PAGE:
I admit, before I went to see Better Off Dead, I was thinking…
…Ok, watch this teen movie made when I was 12, it’ll probably be kind of sappy like Say Anything with some humor.
I didn’t see this movie when it came out in 1985, but I had seen Say Anything, and I liked John Cusack in that movie. So I was interested to see him in this movie.
But this movie was better than I expected, and was like nothing I expected from an 80s teen movie! This movie had a lot of the typical elements you would expect to see from this genre, such as the out of touch parents, a school dance, some very shallow teens, the main character wanting to die for various reasons. However, it’s as if director Savage Steve Holland wanted to make a satire on this type of movie, making fun of itself.
The basic plot is a simple story that’s been done before; in Better Off Dead our hero, Lane, loses the love of his life, tries to think of ways to get her back (which fail), and at the end accomplishes something so nearly impossible that his former love as well as the whole town thinks he’s the best man in history. Holland takes this rather simple and often used story line to create a movie that is memorable and brilliantly hysterical.
Lane is obsessed with his girlfriend Beth. Holland soon makes this comedic by showing us not only Lane’s bedroom wallpapered with photos of Beth on nearly every square inch of wall space, but soon thereafter we see Lane’s closet. Every single hanger has Beth’s face! You would think that Lane had been dating Beth for years; we learn however that it’s only been 6 months. Wait, what? Just 6 months? And he wants to kill himself over a girl who dumps him for the snobbish captain of the ski team who drives a nicer car? And wait – captain of the Ski Team? So many sarcastic elements right there! I know that to a teen, dating for longer than a few days is a long time, but this just shows how silly we can be at times. Thinking it’s the end of the world when in the grand scheme of life it’s just 6 months.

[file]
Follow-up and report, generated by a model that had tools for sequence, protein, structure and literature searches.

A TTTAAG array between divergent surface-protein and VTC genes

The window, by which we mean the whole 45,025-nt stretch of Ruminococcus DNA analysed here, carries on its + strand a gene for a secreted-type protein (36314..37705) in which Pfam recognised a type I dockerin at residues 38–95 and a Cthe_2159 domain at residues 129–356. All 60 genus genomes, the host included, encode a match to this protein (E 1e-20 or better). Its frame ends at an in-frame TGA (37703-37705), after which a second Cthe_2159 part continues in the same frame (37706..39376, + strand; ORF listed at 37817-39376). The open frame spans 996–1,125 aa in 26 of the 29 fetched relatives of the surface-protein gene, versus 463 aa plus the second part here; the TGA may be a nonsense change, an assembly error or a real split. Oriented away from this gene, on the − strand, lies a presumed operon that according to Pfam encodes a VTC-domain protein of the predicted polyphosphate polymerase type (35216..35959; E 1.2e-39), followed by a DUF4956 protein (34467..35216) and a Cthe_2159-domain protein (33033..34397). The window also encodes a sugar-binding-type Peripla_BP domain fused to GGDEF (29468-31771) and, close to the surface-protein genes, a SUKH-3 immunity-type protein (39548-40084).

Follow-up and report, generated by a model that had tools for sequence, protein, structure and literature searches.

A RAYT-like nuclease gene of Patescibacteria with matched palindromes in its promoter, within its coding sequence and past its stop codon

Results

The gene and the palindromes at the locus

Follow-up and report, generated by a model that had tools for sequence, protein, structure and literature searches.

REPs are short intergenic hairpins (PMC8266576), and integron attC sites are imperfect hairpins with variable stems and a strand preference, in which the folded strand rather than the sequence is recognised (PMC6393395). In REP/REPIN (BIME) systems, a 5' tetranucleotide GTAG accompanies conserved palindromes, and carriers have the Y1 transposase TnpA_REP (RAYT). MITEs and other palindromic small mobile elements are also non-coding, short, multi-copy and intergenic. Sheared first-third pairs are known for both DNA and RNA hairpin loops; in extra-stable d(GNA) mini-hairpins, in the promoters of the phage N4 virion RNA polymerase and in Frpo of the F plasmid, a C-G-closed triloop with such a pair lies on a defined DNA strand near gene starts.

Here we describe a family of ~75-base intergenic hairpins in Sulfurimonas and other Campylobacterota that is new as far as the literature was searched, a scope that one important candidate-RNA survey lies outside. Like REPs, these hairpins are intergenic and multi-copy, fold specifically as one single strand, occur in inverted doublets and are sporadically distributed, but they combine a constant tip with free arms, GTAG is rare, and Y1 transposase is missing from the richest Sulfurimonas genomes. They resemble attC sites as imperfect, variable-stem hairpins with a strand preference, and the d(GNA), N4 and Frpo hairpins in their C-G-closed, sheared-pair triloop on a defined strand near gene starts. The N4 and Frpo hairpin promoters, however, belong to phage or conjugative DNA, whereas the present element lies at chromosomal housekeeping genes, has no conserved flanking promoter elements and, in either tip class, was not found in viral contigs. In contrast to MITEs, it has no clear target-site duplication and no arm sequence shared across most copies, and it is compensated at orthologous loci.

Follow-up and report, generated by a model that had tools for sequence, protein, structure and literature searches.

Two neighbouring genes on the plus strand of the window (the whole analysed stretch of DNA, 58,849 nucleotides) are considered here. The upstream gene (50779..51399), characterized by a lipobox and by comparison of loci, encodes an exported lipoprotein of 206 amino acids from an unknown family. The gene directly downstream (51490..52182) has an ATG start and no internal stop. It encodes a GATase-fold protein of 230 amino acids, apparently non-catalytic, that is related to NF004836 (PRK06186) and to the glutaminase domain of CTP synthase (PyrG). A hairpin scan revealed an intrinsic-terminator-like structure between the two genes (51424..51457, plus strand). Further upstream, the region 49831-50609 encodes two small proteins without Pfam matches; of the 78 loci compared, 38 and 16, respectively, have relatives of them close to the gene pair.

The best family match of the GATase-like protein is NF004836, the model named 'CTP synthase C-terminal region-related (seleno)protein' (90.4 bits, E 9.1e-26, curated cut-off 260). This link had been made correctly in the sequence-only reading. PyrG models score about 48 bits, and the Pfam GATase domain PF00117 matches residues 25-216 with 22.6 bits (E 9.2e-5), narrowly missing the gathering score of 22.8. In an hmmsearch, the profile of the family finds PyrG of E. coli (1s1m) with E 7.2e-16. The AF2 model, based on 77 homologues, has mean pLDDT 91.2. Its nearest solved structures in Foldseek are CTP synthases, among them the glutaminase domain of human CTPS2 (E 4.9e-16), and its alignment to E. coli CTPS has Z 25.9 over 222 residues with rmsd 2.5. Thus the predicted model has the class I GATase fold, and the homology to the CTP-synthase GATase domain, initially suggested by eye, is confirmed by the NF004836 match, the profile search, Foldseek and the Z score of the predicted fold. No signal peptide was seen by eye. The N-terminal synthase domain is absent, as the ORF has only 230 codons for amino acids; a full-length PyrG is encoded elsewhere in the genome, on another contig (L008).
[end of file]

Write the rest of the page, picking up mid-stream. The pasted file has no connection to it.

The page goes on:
There are many running gags in this movie that add to the idea that seemingly bad things in life can be funny, ironic, and helpful. Who can forget Mr. Kerber (played by Vincent Schiavelli) as the Geometry teacher? A classroom of teens actually excited to learn math from a very nerdy teacher who gets his lame jokes and laughs!? Then there’s the two brothers who drag race Lane. They always beat him until the end. I loved how one spoke like Howard Cosell because he learned English from Wide World of Sports! Lane’s parents have a few running gags that greatly add to the comedy, from the mom’s experimenting with new recipes that move on their own to the dad’s trying to make sense of his family, and in the meantime trying to repair that garage door.